Introduction to Special Section in Art History: The Significance of Place: Emotional Geography, Collective Memory and Heritage

The five papers in this section come from an Honors College art history major’s thesis and the research papers of four students who enrolled in an upper-level art history seminar devoted to cultural heritage and memory. They share a devotion to reconstituting the significance of place, which Tim Cresswell defines as “spaces which people have made meaningful” (7) “across the globe at all scales” (14). The papers also share an emphasis on the modern period, roughly, from the sixteenth century to the present. Respectively, they hone in on the following locales:

  • Streets and taverns frequented by mollies, that is, homosexuals active during the eighteenth century in London;
  • Entartete Kunst, a major art exhibition that, on behalf of the Nazi Party, the Reichskulturkammer opened in Munich during 1937, then toured throughout Germany;
  • Israel’s West Bank “apartheid wall” as viewed from a Palestinian refugee camp;
  • Contemporary La Jolla, California conflated with ancient Pompeii right before the eruption of Mount Vesuvius in 79 A.D.; and
  • The streets of Lower Manhattan as lived through the body of an artist and her subjects.

The authors reconstitute the significance of their varied places of interest by using methodologies, perspectives and concepts from emotional geography, collective memory and heritage to analyze historical and contemporary works of art and visual and material culture. Briana Camp considers environments created by the meanings of words and their materialization in print culture circulating throughout London and consequently constructing an “emotion-spatial hermeneutic: emotions are understandable – ‘sensible’ – only in the context of particular places. Likewise, place must be felt to make sense. This leads to our feeling that meaningful senses of space emerge only via movements between people and places” (Davidson and Milligan 524). In regard to Munich, Palestine, La Jolla by way of Renaissance Italy and English Neoclassicism, and Lower Manhattan, Tory Warner, Breana Hyche, Catherine Parkinson and Jonathan Garcia respectively explore how “[g]roup memberships provide the materials for memory and prod the individual into recalling particular events and into forgetting others” (Olick 7) within contexts of “[t]he straightforward definition of heritage as the contemporary use of the past” (Graham, Ashworth and Tunbridge 2). Their papers advance scholarship doubly. They put forth new interpretations of their topics that show a potential to forge novel scholarly pathways siting the practice of art history research in an interdisciplinary matrix.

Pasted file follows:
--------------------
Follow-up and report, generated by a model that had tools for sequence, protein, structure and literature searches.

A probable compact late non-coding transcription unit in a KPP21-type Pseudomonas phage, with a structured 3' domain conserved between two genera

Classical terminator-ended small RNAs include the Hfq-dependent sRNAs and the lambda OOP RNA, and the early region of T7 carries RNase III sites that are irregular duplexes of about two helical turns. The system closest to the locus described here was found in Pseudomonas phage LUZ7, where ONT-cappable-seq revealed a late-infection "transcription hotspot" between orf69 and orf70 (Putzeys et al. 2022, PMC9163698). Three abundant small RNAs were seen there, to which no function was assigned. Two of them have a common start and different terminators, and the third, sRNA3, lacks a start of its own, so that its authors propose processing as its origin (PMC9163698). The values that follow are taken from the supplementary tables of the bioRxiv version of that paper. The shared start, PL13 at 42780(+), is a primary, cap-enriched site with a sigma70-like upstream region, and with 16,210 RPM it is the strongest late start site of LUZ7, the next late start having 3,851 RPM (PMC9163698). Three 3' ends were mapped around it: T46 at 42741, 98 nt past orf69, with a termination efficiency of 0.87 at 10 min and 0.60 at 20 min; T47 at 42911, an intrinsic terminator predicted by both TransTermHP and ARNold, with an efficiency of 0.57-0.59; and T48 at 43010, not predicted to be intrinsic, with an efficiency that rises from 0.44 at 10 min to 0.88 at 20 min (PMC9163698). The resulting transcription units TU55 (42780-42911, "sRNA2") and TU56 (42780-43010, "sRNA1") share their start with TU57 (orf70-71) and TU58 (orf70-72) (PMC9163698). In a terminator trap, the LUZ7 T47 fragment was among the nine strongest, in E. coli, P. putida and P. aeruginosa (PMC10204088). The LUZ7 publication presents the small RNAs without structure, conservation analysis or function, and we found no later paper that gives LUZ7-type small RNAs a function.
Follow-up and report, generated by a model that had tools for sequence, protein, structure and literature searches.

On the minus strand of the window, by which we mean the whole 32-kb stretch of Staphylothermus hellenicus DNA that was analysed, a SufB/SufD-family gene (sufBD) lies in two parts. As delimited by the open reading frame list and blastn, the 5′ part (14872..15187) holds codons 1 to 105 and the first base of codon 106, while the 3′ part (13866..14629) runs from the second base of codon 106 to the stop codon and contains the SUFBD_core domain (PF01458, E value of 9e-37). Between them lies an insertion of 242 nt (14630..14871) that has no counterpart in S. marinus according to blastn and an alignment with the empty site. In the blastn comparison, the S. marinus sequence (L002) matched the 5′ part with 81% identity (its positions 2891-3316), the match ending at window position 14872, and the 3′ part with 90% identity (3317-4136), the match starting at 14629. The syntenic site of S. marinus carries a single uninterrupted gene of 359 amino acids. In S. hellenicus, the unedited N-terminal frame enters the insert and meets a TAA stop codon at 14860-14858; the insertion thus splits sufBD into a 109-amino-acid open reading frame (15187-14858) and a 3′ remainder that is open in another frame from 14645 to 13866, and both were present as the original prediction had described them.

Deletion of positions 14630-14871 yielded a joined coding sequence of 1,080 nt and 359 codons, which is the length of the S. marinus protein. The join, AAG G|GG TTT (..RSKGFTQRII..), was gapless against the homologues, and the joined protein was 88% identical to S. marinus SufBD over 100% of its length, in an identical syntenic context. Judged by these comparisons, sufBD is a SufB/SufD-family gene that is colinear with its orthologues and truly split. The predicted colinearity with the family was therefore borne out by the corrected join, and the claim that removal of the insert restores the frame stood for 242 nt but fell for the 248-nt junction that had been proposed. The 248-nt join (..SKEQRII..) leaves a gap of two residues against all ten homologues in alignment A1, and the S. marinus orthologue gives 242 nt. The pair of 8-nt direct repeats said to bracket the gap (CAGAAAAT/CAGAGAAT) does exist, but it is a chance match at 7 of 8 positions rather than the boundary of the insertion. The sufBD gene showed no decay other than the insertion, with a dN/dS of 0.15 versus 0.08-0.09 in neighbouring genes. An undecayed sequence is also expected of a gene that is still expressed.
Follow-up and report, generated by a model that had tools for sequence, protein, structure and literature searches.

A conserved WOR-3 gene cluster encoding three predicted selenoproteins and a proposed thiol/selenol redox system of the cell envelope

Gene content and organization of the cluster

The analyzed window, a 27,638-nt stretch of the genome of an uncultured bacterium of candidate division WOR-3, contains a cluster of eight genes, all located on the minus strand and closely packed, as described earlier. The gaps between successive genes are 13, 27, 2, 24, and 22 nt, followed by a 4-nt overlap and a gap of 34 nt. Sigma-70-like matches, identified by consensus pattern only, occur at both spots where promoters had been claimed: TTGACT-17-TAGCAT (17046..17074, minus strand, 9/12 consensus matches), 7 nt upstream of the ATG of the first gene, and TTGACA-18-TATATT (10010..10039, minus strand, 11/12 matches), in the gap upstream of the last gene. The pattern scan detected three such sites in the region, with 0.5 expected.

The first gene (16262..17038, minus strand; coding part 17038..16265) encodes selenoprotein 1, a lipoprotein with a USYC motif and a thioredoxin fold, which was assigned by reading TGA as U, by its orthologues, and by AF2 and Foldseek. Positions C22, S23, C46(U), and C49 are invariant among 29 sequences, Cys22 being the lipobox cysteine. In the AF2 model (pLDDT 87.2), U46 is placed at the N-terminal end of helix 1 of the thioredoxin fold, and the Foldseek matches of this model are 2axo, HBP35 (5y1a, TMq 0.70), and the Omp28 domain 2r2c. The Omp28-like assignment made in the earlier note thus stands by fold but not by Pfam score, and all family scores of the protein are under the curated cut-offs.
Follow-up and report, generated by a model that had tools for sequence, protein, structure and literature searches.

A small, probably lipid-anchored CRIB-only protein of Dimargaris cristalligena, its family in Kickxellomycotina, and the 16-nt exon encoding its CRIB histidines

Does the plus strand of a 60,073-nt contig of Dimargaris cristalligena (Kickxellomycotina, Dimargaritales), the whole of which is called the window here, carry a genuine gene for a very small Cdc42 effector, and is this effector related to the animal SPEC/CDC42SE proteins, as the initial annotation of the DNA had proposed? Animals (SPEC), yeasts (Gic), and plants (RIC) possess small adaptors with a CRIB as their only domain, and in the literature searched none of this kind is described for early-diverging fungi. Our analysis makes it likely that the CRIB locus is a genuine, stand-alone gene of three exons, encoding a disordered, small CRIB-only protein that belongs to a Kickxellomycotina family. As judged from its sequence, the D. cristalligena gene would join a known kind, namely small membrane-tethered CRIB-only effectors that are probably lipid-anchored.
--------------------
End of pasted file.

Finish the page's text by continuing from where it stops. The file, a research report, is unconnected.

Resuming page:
Works Cited

  • Cresswell, Tim. Place: A Short Introduction. Oxford: Blackwell Publications, 2004. Print.
  • Davidson, Joyce and Christine Milligan, “Embodying Emotion Sensing Space: Introducing Emotional Geographies.” Social and Cultural Geography 5.4 (December 2004): 523-532. Print.
  • Graham, Brian, G. J. Ashworth, and J. E. Tunbridge, A Geography of Heritage: Power, Culture and Economy, London: Arnold Publishers and New York: Oxford University Press Inc., 2000. Print.
  • Olick, Jeffrey K., “Collective Memory.” The International Encyclopedia of the Social Sciences, 2d ed. Ed. William A. Darity, Jr. Detroit: Macmillan Reference, 2008. 7-8. Web.